is about to reserve 10 items.
 stock.WarehouseImpl[RemoteStub
[ref: [endpoint:[192.168.202.184:2053](local),objID:[0]]]]
is about to reserve 10 items.
 stock.WarehouseImpl[RemoteStub
[ref: [endpoint:[192.168.202.184:2053](local),objID:[0]]]]
is about to reserve 10 items.
 stock.WarehouseImpl[RemoteStub
[ref: [endpoint:[192.168.202.184:2053](local),objID:[0]]]]
is about to reserve 10 items.

Warning: The deprecated Thread.stop() method used in the unDeploy() implementation has allowed me to write concise "newsletter code". Never, I repeat, NEVER use Thread.stop() because it is inherently unsafe: In our example, there is indeed the small opportunity that handling of an application error (an InvocationTargetException reported through reflecting the main method) has not yet obtained the lock to the ApplicationServer.this instance and a simultaneous unDeploy(...) will implant a shutdown exception on top of the cleanup logic. Please, consult your JDK documentation for safe ways to shutdown your threads! [hk: this actually happened once when I ran the tests!]

A second side note: With JDK/JRE 1.3, the apparent relationship between threads and classloaders has been made explicit by associating any thread with a so-called "context classloader" (Thread.setContextClassLoader(ClassLoader loader); Thread.getContextClassLoader()). They are however still unrelated according to 99% of the JDK code which still uses Class.forName(String name) - an awful static method that delegates to the "calling class" defining classloader. The correct way of loading classes in the light of our new knowledge should be always (see ApplicationServer.deploy() and stock.Main.main()):

Thread.currentThread().getContextClassLoader().loadClass(name)

Alternative Classloading Delegation

There is an unwritten law for middleware engineers that no matter how sophisticated your framework (and with exception of the Thread.stop(), we can be really proud of our ApplicationServer, couldn't we?), after two month of releasing the system basis, the application developers will cooperatively abuse it in ways that you have never imagined before.

Be sure that this st**pid stock team will have (as pressed by the product managers and ... sic! ... customers with ... sicut! ... wishes) compiled another, undoubtfully useful, but technically devastating warehouse implementation that is able to delegate unsatisfied reservation calls to other (vendor) warehouses:

// DelegatingWarehouseImpl.java
package stock;
import sales.Order;
/** Example service that links against sales.Order and introduces
 *  a mutual dependency */
public class DelegatingWarehouseImpl extends WarehouseImpl {
  /** name of the item at our vendor */
  protected String vendorItem;
  /** construct a new delegating warehouse */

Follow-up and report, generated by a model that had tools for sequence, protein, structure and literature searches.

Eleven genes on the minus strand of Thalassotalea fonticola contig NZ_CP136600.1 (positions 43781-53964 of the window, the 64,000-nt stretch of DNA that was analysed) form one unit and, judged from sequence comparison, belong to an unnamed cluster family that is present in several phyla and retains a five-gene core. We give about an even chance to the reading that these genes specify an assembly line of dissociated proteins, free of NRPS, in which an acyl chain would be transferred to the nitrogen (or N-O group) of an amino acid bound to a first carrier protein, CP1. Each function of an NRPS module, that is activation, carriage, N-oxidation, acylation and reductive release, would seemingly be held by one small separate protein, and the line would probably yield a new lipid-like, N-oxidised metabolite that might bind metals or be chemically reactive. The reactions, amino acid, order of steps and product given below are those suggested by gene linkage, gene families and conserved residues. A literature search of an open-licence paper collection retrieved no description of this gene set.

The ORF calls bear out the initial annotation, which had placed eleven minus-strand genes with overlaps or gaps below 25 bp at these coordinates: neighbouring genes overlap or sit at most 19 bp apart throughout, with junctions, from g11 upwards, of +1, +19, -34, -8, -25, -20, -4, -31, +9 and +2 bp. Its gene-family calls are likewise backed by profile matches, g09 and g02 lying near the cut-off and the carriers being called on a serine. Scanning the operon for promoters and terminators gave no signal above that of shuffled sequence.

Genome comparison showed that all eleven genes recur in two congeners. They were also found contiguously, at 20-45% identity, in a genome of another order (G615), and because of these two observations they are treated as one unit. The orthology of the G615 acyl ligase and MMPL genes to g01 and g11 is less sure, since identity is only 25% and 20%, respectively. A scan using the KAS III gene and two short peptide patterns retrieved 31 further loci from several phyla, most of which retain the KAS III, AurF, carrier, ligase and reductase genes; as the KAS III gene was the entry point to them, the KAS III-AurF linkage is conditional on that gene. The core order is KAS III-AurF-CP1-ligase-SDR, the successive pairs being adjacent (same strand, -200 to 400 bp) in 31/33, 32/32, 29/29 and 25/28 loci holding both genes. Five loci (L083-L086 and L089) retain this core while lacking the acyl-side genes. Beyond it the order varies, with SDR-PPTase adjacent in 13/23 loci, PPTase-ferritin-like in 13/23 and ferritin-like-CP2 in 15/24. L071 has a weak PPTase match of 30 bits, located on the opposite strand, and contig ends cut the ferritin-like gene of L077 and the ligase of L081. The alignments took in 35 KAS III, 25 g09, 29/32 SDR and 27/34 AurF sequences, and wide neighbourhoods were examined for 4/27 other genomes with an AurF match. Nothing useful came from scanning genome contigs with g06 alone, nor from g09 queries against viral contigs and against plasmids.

public DelegatingWarehouseImpl(String vendorItem, int quantity)
      throws java.rmi.RemoteException {
    super(vendorItem, quantity);
    this.vendorItem = vendorItem;
  }
  /** Overrides the underCapacity reaction to order at vendor */
  protected void empty(int underLoad) {
    try {
      new Order(vendorItem, underLoad).reserve();
      quantity += underLoad;
    } catch(Exception ex) {
      throw new IllegalArgumentException(
        "Could not place order " + ex);
    }
  }
}
  javac -classpath classessales;classesstock
    -d classesstock stockDelegatingWarehouseImpl.java

Guess what ... they will phone you and tell you that there is an ugly NoClassDefFoundError: sales.Order thrown when trying to deploy and run the freshly compiled stock (with a voice indicating that this could not be much of a problem for these Java cracks in the tech department, knowhaddimean, nudge, nudge?).

Boom! Your whole nice server-side architecture collapses as SUN does not allow you to have the salesLoader (hosting DelegatingWarehouseImpl and the Warehouse that is needed by Order) both as parent AND child of the stockLoader (hosting Order that is needed by DelegatingWarehouseImpl). They would not call them children and parent, otherwise, would they?

Your options are now (leaving the Java(tm) platform is not an option, stupid! [hk: why actually not?!?]):

Yelling: "This is not the right project structure! We must extract a more abstract masterdata. Order that is deployed in a separate application and that is used by both sales and stock." But, with a tree-like application structure that follows the SUN classloader hierarchy, this cannot be done ad infinitum. You will most likely end up having most classes in masterdata and under the responsibility of a single person (which in any middle-sized company, sits on the same floor as the system basis programmer, hence this would be not a good idea).